What are reasonable adjustments in schools?


You may have heard of the term ‘reasonable adjustments’ but might be unsure how to request an adjustment at your school. 

ACAS explains a reasonable adjustment is a change to remove or reduce the effect of:

  • An employee’s disability so they can do their job
  • A job applicant’s disability when applying for a job

The reasonable adjustment could be to:

  • The workplace
  • The way things are done
  • Get someone to help the employee or job applicant

In this article, we look at how to request reasonable adjustments, examples of reasonable adjustments and where to look for further information.

We have also written another article outlining what you need to know about the Equality Act when working in schools.

When does a school consider reasonable adjustments?

By law, an employer must consider making reasonable adjustments when:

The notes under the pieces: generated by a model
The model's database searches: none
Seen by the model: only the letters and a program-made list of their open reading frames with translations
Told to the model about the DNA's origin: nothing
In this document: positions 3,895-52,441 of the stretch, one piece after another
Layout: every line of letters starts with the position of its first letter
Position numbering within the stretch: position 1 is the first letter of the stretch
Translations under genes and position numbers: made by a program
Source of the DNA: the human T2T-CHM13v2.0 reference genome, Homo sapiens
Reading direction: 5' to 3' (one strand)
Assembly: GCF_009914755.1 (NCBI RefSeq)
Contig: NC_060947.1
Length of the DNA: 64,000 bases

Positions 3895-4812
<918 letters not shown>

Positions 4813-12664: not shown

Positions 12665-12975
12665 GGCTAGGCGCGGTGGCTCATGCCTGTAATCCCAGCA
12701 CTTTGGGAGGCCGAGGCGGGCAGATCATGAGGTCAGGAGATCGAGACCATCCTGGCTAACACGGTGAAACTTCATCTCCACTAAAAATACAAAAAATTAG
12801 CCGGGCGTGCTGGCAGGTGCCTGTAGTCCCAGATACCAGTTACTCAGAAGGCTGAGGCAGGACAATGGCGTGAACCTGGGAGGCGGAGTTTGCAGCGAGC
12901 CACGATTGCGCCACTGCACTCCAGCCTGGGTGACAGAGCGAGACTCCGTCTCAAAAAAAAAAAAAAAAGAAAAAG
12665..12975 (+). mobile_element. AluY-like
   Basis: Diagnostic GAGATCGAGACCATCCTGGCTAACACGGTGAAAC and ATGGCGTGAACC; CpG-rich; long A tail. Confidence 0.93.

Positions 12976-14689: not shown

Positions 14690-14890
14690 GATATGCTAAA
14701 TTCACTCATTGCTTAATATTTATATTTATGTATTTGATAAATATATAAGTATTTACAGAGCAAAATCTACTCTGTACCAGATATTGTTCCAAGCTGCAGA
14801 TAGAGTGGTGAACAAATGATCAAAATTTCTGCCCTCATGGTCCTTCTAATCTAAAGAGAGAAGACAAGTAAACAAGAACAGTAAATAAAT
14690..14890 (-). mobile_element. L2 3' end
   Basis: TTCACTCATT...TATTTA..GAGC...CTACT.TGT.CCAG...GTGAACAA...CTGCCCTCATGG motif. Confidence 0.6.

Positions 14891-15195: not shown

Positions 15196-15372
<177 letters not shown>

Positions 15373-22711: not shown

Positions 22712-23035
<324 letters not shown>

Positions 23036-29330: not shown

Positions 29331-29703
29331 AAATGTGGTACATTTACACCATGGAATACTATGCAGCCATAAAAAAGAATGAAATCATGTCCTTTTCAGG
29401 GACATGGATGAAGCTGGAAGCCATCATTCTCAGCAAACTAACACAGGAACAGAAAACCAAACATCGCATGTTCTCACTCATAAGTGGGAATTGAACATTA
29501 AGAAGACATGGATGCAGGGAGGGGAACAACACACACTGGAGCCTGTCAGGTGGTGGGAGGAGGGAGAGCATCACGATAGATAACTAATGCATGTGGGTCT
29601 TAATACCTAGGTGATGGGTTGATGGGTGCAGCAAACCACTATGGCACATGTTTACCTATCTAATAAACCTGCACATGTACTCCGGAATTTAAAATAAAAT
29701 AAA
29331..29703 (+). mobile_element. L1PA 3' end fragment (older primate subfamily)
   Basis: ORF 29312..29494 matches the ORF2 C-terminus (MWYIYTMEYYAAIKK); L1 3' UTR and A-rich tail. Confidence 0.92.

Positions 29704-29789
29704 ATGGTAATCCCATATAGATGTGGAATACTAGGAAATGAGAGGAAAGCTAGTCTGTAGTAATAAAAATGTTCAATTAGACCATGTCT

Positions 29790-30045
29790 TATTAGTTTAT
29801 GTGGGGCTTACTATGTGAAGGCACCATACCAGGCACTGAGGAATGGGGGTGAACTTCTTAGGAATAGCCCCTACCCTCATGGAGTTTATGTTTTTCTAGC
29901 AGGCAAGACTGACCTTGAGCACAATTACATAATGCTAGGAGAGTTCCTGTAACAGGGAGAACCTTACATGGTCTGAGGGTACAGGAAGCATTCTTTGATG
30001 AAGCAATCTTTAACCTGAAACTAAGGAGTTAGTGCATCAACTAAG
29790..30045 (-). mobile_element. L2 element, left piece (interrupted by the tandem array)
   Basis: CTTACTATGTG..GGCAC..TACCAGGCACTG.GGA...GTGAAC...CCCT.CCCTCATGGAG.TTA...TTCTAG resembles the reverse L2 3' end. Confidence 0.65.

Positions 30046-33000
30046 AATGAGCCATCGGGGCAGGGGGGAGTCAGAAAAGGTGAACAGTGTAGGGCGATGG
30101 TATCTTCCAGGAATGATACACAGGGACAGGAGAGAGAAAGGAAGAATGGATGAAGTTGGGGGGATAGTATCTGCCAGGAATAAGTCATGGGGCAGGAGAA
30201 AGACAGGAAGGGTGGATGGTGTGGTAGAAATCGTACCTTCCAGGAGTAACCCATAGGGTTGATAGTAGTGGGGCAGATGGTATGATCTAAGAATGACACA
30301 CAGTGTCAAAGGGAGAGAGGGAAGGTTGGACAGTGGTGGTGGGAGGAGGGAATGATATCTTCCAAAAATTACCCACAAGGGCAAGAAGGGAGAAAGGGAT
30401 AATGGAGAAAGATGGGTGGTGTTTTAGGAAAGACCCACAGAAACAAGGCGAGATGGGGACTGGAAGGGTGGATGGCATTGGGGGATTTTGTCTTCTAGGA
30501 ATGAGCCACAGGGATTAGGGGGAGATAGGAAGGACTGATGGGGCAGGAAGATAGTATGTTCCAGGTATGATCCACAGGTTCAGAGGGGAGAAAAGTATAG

• They know, or could be expected to know, an employee or job applicant has a disability
  • An employee or job applicant with a disability asks for adjustments
  • An employee with a disability is having difficulty with any part of their job
  • An employee’s absence record, sickness record or delay in returning to work is because of or linked to their disability

The employer must make the changes if they’re reasonable.

What is reasonable?

What’s ‘reasonable’ will depend on each situation. The employer needs to consider carefully if the adjustment:

  • Will remove or reduce the disadvantage for the person with the disability
  • Is practical to make
  • Is affordable by the employer or business